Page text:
On darker nights, when the children have been safely tucked into their beds and Raoul lies sleeping beside me, I still think of Eric. Raoul is a good and decent husband. He loves me, and the children that I have bourn him. He is a kind friend to me, and our life together has never been stormy or acrimonious. Do not mistake me, my children are an endless source of joy to me, and it is only right that I sacrifice the public life of a soprano in favor of my role as mother. But when I lie awake at night, and my heart grieves for my music, I think of Eric.

He was not beautiful, though there was much of beauty in him. No written copies of his great works have survived, though every note still rings clearly in my mind. There is more beauty in those refrains than can ever be written upon the human face. It was not so hideous, truly, once I had looked upon him in understanding. I ponder his deformities often. Would the world have laid itself at his feet and sung the praises of his genius had he a striking countenance of limpid blue eyes and soft blonde curls? Is the world truly so shallow that imperfect flesh can negate the better qualities of a man? I know that his misshapen face was the poison that reduced him to his baser qualities, and yet I cannot help but wonder if that torment was also the source of his great talents. Would a pretty face have been enough? A wife, children, friends and associates jostling for his affections could have robbed him of the swirling passions bourn of his isolation and the derisions heaped upon him by life. Would he have traded it? Normalcy at the price of his music? Does he envy me my quiet and simple life, or look down upon me for abandoning the suffering and exultation that accompany any great artistic endeavor?

Is Eric still alive, writing hymns to make angels weep and mere mortals quake with breathless admiration? I flatter myself to think he watches me still, but there are times I can almost feel his eyes on me. Walking through plazas, perusing fruit in the market, passing the great cold mausoleums of the cemetery yard, there have been many times when I found myself turning as if to come upon an old friend and instead finding myself alone again. Those times, I think of him and yes, I will even admit that I secretly hope to turn one day and catch a glimpse of him following behind. I do not regret my choices, you see. I only wish to know if lives still and how he fares.

Late at night, when sleep has fled from me, and Raoul cannot be roused from slumber, I have entertained dark musings of returning to those velvet depths, to search for him. It would be lunacy to do so. I have a family now, responsibilities that are larger than my own fancies. And I have no assurance that he would be happy to see me. But sometimes I delude myself. I do not shun the catacombs because I fear he would be angered by my presence there. I have not returned because I could not bear finding his chambers empty. I have abandoned my music, and the thought of him entertaining his muse brings me a small measure of comfort. Music must be served, and I have proved myself unworthy. If Eric toils still, it is enough. It has to be.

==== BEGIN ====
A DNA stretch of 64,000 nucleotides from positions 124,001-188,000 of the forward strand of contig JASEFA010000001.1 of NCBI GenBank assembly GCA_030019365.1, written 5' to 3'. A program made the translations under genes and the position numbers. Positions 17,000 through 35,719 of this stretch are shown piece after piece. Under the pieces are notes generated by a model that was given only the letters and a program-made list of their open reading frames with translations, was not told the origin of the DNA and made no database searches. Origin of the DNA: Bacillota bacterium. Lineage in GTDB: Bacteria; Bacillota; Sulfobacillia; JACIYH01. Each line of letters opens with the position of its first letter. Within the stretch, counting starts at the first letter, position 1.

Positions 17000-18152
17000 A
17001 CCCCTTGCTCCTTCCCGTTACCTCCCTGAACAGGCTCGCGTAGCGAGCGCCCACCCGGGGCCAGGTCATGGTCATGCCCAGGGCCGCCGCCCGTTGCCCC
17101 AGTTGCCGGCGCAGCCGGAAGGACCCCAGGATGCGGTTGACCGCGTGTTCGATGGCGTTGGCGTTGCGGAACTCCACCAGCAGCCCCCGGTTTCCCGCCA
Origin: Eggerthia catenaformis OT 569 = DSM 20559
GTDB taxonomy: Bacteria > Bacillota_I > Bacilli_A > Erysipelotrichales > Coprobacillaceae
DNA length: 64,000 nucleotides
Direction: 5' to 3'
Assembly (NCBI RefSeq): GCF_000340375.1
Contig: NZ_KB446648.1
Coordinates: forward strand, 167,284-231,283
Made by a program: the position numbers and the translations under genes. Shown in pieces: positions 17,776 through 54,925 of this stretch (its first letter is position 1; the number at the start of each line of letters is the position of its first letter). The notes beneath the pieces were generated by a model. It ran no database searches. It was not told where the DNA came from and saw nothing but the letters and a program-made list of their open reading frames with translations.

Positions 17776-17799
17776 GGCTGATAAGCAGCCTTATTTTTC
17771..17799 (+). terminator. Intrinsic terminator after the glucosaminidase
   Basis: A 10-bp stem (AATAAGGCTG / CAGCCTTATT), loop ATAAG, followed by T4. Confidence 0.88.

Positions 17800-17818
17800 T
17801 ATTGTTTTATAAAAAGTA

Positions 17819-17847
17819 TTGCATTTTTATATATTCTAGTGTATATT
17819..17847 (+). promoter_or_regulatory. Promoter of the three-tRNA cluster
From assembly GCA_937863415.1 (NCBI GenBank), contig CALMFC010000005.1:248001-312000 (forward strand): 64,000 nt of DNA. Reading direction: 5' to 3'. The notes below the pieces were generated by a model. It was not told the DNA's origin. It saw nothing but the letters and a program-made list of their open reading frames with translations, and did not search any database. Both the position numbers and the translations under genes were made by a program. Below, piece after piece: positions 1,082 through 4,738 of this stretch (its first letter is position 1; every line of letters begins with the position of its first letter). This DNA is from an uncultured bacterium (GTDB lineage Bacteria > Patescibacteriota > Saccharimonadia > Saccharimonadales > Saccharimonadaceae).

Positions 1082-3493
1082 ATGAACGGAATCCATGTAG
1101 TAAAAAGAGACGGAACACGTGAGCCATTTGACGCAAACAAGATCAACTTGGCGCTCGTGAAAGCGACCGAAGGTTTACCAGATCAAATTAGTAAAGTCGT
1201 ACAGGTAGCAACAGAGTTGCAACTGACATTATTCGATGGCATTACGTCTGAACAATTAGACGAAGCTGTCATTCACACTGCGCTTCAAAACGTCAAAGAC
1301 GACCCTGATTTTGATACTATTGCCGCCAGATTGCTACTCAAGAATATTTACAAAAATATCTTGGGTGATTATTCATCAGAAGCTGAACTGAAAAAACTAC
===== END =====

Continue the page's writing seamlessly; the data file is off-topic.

When the long night surrenders its grip to the gentle fingers of dawn, the dark ponderings of my sleepless hours are banished by the soft voices of my children, and the steadying hand of my husband upon the small of my back. I can feel Raoul's hand stiffen and I catch myself humming one of Eric's forbidden melodies. He shakes his head and leaves me to my remembrances. He is not cruel, but I can understand his confusion. He has felt Eric's hands around his neck. So have I. His caresses always held a vague threat behind them. It is a wonder that he was able to caress, when he himself was never touched in kindness. Save once, perhaps. And then, he knew it was an act of desperation. But what he didn't know was the way my heart split in two as he pressed me back into Raoul's arms. The tears that shimmered in his eyes haunt me every night. He loved me with all the unwise and fervent passion of a damaged man. Did that reckless passion kill him, in the end? Did he die of a broken heart, thinking himself rebuffed? I like to think he was stronger than that. That he knew I loved him. And still do.

Some men exchange their happiness for greatness. Some men are never granted happiness, whether due to the cruel engines of finance, the capricious whims of fate, or even the feckless chance of being born with an unlovable face. Some men are never given any other chance. Above all things, even above the desire to create his music, Eric wished to be loved. He leveraged all his talents against this one, pitiable goal: To win the love of another human being. Where other men might give jewels or trinkets, Eric had only one thing to offer: a battered and imperfect soul. I gave him one kiss and he laid it at my feet. Such a small gesture, and he found an endless pool of selflessness welling up inside of him. He gave me the life he thought I wanted. The life I thought I wanted too.

When I sit in the garden with Raoul, and smile gently at his soft and tender kisses, I know he loves me with all the perfection of his content and faultless soul. But he has never known true despair. Eric loved me with his grand passion and his hate. His desolation and his self-loathing. He loved me with every fiber of his battered and imperfect soul. When it's dark and my children are in bed, when my husband slumbers peacefully beside me, when I shudder awake in the darkness and for one heartbreaking instant I think I can feel eyes upon me, then I wish I was still hidden deep in the catacombs, nursing that battered and imperfect soul, making it whole.